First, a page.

Chicken-Fried News: Warehouse troubles

A new report from the U.S. Bureau of Justice Statistics says going behind bars in the Sooner State could mean a sooner end to life.

The statistics show Oklahoma inmates were second most likely to die of homicide in prison between 2001 and 2014. There were 13 killings for every 100,000 inmates. Only Maine beat Oklahoma, with 14 killings per 100,000, but the small sample size makes those numbers unreliable. So maybe it’s not as bad as it appears? … Naw.

The national average for homicides behind bars is five per 100,000 inmates.

Oklahoma also had the second-highest accidental death rate for prisoners, with eight of 100,000 inmates dying behind bars — almost triple the national average.

Oklahoma Public Employees Association policy director Sean Wallace told the Associated Press that prisons are “just a warehouse for inmates in Oklahoma.”

“We don’t really offer them any programs to rehabilitate them,” he said. “We barely staff our facilities. Our facilities are crumbling and falling apart.”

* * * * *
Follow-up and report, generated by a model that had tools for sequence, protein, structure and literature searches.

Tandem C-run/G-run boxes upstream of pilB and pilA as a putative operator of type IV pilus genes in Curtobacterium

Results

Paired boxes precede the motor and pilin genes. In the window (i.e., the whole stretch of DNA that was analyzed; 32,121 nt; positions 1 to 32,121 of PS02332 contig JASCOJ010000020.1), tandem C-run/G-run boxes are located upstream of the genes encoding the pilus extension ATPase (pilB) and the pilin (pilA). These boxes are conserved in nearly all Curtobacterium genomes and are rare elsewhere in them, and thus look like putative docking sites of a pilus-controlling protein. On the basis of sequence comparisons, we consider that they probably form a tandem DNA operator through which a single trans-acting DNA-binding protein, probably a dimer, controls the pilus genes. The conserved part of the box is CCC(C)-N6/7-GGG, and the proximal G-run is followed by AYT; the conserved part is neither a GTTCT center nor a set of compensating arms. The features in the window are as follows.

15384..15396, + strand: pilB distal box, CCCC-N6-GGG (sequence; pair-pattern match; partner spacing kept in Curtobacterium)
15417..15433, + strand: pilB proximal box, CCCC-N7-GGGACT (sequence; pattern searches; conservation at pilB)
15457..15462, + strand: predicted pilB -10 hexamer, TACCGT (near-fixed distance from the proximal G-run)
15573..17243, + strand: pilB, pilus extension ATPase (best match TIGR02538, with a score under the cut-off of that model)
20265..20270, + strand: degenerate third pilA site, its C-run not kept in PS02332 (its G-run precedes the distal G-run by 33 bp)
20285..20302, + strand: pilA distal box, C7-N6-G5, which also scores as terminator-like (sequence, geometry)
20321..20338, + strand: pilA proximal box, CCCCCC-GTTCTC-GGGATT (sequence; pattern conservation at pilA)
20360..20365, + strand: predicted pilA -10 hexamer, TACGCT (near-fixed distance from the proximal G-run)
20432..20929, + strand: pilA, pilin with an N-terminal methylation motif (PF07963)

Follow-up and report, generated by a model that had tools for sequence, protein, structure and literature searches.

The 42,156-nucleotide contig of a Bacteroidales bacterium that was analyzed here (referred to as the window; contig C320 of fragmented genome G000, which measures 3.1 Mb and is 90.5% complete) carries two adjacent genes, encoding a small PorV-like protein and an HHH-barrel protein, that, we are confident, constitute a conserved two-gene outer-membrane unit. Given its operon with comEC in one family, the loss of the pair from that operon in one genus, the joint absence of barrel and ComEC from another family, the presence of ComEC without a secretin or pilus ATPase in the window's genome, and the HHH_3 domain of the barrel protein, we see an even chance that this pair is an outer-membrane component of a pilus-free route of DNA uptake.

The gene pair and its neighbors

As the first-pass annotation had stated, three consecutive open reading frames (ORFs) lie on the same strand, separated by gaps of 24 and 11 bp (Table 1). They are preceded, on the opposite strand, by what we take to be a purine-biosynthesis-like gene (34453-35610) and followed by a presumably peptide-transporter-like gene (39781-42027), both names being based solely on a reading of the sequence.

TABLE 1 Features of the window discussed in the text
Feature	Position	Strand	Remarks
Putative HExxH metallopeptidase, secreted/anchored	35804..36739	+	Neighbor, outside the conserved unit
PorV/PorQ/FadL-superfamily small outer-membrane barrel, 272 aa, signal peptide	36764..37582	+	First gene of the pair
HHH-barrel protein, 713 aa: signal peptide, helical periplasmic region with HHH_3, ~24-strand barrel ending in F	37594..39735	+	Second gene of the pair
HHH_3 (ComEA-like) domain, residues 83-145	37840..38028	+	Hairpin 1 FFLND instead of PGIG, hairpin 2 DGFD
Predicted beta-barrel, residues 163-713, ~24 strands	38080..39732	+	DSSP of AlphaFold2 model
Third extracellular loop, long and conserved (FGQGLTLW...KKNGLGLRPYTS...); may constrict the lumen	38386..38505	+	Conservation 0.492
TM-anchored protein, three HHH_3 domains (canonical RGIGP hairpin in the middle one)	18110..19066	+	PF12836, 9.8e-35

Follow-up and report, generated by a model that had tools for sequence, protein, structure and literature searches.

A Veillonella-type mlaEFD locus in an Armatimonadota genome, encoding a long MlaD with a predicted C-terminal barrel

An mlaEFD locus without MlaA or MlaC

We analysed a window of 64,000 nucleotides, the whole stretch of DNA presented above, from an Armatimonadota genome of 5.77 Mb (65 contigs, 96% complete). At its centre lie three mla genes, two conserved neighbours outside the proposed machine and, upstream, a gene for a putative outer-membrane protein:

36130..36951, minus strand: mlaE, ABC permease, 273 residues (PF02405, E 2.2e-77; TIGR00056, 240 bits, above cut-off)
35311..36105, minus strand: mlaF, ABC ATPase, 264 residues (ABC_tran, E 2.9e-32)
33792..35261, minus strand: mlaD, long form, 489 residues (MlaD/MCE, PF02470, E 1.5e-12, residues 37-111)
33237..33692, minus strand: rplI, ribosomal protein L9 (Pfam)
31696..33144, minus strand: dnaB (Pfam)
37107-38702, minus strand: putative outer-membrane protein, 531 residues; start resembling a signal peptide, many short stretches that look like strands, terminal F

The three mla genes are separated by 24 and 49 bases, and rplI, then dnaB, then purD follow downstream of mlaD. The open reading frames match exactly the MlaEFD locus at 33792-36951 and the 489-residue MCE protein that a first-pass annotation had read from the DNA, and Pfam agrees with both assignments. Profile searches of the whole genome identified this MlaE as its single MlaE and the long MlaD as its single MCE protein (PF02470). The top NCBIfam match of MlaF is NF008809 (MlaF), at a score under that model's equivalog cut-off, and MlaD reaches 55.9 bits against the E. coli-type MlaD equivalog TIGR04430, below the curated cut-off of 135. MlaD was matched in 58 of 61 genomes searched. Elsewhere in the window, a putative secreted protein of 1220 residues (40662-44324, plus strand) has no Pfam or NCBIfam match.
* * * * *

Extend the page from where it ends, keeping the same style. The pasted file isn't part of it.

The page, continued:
But the high mortality rate might have another cause, Oklahoma prisons spokesman Alex Gerszewski told the Associated Press.

Inmates in general have poor health and are getting older, he said. Seventy-two of the 109 state prison deaths reported in 2015 were inmates older than 50, Gerszewski said.

“Inmates coming into the system oftentimes have pre-existing medical conditions that put their health in a compromised state,” Gerszewski told the AP. “The department does its best with the resources available to care for them and provide treatment.”

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